This explanation is based on conversations with master carver George David, a visit to the Umista Cultural Center in Alert Bay, BC, and trips to other museums and art galleries. George is a member of the Nuu-Chah-Nulth tribe. Any misinformation is the result of my own misunderstanding.

Northwest tribes consider their history to be vital. It is the basis for their status and honor. However, they had no written language to use to record it. Their history was preserved through three mediums: art, dance, and oral tradition.

There are some dances, like the Welcoming Dance, that are owned by everyone. Anybody can dance them. However, most songs and dances are considered valuable personal property. Nobody would dare perform a dance if they could not prove that they had the right to do it. Dances were often inherited, and a dancer would announce that they could do a particular dance because they are the son of…, who was the son of …, who was the son of … Sometimes the chain of inheritance would go back eight or more generations to the person who had created the dance. Some dances were inherited through the father, and others inherited through the mother. When a woman married into a different clan or tribe, she took along some of her clan's dances as her dowry. Sometimes marriages were arranged to obtain ownership of desirable dances. When a father retires from dancing, he chooses which of his sons will inherit specific dances that he owns.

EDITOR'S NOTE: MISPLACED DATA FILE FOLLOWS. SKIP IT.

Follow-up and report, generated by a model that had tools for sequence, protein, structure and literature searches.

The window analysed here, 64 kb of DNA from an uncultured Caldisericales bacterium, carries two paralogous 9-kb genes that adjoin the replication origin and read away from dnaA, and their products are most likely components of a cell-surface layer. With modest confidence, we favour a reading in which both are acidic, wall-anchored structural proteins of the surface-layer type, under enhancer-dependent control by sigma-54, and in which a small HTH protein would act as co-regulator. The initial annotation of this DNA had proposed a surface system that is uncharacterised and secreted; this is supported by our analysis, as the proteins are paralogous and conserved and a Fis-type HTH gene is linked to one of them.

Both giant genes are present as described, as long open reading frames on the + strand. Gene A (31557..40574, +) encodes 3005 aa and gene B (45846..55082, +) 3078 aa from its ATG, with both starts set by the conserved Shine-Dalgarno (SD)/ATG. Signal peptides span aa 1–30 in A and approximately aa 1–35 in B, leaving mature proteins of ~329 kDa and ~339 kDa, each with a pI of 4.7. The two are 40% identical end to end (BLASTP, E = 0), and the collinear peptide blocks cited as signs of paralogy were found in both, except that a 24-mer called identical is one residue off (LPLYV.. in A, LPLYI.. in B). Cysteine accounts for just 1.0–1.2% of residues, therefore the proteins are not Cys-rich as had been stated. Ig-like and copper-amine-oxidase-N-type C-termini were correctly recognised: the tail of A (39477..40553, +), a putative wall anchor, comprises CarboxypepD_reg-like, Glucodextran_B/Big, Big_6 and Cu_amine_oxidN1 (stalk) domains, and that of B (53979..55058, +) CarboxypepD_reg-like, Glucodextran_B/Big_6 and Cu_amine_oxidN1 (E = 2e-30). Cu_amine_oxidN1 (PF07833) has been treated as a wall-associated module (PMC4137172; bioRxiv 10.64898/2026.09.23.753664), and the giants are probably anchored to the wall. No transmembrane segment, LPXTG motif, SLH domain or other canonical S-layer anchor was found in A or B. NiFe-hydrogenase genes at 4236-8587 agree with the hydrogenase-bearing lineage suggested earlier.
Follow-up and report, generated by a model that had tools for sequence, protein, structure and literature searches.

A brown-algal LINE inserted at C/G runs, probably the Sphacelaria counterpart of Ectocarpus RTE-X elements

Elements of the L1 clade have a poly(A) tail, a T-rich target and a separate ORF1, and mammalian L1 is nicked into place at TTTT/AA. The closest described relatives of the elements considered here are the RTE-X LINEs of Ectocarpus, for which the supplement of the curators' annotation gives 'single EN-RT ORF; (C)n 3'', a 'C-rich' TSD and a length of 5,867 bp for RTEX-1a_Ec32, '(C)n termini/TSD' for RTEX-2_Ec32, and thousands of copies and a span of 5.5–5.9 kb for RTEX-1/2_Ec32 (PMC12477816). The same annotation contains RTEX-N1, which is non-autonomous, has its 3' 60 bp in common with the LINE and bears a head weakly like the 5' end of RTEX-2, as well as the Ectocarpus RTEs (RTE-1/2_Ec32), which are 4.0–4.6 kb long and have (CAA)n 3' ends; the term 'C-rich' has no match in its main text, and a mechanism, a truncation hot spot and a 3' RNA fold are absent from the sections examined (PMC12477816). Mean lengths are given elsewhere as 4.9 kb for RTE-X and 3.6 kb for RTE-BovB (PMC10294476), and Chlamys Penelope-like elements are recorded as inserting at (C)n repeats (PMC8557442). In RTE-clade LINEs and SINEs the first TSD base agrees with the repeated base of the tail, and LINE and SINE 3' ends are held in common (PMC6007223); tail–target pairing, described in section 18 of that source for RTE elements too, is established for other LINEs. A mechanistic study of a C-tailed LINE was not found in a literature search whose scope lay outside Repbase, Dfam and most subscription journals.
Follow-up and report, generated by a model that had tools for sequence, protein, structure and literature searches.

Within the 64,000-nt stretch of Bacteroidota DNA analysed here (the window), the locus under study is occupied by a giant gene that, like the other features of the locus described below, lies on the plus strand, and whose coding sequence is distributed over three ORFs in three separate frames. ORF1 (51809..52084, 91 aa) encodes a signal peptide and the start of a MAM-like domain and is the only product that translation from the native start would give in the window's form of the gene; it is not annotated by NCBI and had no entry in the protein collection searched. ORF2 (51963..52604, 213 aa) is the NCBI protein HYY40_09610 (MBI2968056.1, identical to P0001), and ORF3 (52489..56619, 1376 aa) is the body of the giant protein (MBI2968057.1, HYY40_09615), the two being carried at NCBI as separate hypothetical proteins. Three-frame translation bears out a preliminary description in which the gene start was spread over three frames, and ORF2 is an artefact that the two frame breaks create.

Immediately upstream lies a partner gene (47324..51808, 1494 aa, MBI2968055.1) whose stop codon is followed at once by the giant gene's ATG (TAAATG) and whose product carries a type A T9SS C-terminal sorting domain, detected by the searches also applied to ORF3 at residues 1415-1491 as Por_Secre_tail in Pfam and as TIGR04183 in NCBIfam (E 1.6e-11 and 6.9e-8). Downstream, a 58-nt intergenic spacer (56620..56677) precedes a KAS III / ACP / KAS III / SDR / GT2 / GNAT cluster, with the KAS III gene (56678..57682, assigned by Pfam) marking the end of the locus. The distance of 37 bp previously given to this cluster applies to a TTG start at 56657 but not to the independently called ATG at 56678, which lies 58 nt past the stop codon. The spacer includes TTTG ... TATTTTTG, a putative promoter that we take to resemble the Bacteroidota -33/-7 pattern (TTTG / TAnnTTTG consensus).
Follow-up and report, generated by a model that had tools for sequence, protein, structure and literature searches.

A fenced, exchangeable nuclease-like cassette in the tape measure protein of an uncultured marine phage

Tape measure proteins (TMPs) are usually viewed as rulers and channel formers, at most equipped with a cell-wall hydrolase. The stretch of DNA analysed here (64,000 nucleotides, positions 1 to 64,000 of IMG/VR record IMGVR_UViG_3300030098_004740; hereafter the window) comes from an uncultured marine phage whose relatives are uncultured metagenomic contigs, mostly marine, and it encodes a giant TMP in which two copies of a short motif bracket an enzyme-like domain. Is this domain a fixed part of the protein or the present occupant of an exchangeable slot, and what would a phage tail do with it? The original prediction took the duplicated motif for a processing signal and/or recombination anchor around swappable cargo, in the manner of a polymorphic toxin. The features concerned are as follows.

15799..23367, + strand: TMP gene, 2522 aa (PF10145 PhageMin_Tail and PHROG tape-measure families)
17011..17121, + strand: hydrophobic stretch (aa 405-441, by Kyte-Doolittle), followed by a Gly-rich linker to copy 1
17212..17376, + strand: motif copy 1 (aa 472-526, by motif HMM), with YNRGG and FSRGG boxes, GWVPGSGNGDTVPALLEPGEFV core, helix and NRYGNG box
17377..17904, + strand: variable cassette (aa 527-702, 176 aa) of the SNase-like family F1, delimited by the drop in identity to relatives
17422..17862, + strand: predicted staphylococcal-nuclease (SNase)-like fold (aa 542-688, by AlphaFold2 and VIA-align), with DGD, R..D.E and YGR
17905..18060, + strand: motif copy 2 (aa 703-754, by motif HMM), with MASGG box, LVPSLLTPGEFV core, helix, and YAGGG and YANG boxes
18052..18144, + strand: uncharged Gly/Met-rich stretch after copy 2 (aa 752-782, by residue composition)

A very important element of transferring rights was an event called the Potlatch. Nothing was legal until it had been announced during a Potlatch. The collected group served as the notary public. Everyone there pledged that they would remember all that they heard. Granting of names, initiation into adulthood, marriages, rights to perform dances, transfer of power, and other business were all announced during the potlatch. The host clan would invite their neighbors to attend as witnesses. After a potlatch, when somebody claimed a right they had been granted, the others might reply, "yes, you own that right because I was there when it was given to you. I remember that you have that right."

If outsiders know anything about a potlatch, it is usually about the elaborate gifts given to the guests at the end of the ceremony. The gifts are payments given to the guests to insure that they will remember what transpired. When a guest touches a gift to accept it, they are giving their approval to everything that was announced and pledging to remember it. The guest then becomes a paid witness.

The potlatch is also a teaching event. The history of the host clan is explained through dance and song. Important lessons are also taught through the dances. For example, in one dance Bak’ was, the Wild Man, tries to capture children wandering alone in the forest. If he can catch them, he will take them away. This dance teaches the children not to go into the forest unaccompanied. That is an important lesson for a tribe living in the wilderness.

Since what happens at a potlatch is so important, it is vital that everyone pays attention and discipline is maintained. In some tribes, the Nulth-Ma clown served as the sergeant of arms. A potlatch would be held in a building called a Long House. The guests would sit around the sides of the room, and there would be a fire in the center. If a child got the giggles or misbehaved in another way, the clown might single them out and make them sit all alone by the fire where everyone could see their shame. The Nulth-Ma could ask people who were behaving inappropriately to leave. The Nulth-Ma also carried a two-foot-long paddle to use in disciplining unruly guests. Sometimes a host would secretly bribe a guest to misbehave so the clown would beat them as a warning to others about what could happen to them.